What’s in a (Sur)name?

By Kitty

Predictable blog titles aside, when was the last time you thought about your name and what it signifies to your identity? I suspect a lot of people in the UK go through their lives not giving much thought to their surname – after all, it’s pretty much a given. Until it comes to getting married, that is.

It is estimated that up to three-quarters of British women change their birth surname to that of their husband after tying the knot. Same-sex couples face an even more complicated question, not only “should we have the same surname?” but also – in the absence of the heterosexual dynamic on which this tradition is based – “which one of us will make the change?”

The custom of a wife taking on her husband’s surname is uniquely British and spread to other countries through our imperial or otherwise cultural ties. According to the BBC, the Norman’s invasion first imported the rule that upon marriage a woman loses her surname, becoming a possession of her husband, referred to only as “wife of X”. The English in particular put their own spin on this by allowing married women a surname: that of their husband as a show of sacred unity.

Feminists looking on the matter now might argue that the tradition should be scrapped as it has historical roots in the subordination of women. One example is that of nineteenth century suffragette Lucy Stone, who had to fight legal officials who refused to let her vote using her maiden name which she had kept after marriage.

For some women, it’s a matter of future practicality; one colleague assured me that things can get complicated if, as a mother, you try to travel abroad with your children who have a different surname. Of course, this assumes that subsequent offspring of the marriage will take their father’s surname, which brings forth another gender issue.

Give a child a double barreled surname and people might (wrongly) assume it’s a child out of wedlock, divorce, or terribly posh. In my case, it was neither. In much of Spain and Latin America, women keep their surname and children take both parents’ first surnames, which are paternal. But, alas, I had a particularly long cumbersome name that involved switching languages (e.g. Carlota Miller-Gutierrez) so I decided at the age of 19 to officially axe one of them and be like my fellow single-surname Brits.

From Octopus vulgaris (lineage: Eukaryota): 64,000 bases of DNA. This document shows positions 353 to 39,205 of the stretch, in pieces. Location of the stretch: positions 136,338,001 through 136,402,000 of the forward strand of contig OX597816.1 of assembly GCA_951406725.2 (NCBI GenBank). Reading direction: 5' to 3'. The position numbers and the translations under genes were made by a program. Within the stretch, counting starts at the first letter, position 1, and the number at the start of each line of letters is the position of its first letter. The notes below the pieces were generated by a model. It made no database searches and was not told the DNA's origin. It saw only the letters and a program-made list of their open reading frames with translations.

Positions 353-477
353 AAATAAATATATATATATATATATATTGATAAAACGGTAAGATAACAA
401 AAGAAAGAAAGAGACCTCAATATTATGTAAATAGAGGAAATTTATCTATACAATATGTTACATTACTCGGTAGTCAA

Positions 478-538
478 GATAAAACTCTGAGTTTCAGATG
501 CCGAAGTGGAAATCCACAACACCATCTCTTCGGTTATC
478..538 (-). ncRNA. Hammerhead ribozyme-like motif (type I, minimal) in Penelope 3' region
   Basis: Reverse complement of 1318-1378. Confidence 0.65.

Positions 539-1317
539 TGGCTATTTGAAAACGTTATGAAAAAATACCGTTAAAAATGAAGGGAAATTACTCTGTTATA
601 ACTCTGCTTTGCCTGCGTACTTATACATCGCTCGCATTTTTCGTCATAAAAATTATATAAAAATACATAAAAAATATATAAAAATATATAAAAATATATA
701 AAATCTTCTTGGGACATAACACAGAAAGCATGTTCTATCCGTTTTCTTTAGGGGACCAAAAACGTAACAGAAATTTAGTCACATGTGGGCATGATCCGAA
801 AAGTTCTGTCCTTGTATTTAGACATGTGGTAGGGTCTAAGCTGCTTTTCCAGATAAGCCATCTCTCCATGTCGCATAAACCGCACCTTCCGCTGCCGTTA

After a long, hard think I opted to keep my mother’s surname. It wasn’t originally as a feminist statement but rather because it was unique and more in-keeping with my “ethnic” first name. Five years on, I’ve invested physically and emotionally into this semi-new identity against which all my contributions to the world will be remembered, even if it is a hassle for others to spell and pronounce. My name is part of my legacy and no one is ever going to make me change that.

Author: Gender + the City

Intersectional Feminist digital magazine

2 thoughts on “What’s in a (Sur)name?”

  1. Yep it’s true travelling with kids with a different surname is a hassle

    I have a double barrelled surname already, so when my kids were born we decided to just let them have their fathers last name rather than a triple-barelled monstrosity. But I kept my last name because it’s mine and I love it.

    I flew alone with my daughter when she was 11months and was told I needed A SIGNED LETTER OF PERMISSION from the baby’s father.


    (I mean, we’re happily married, he’s more to me than just SPERM, but the airport people don’t know that)

    Naturally, I made a bit of a fuss.

  2. Women don’t only change their surnames because they marry. In the 1980s some feminists (incl. me) took our mother’s first name as our surname to disrupt the pattern of patriarchal inheritance and honour our mothers at the same time

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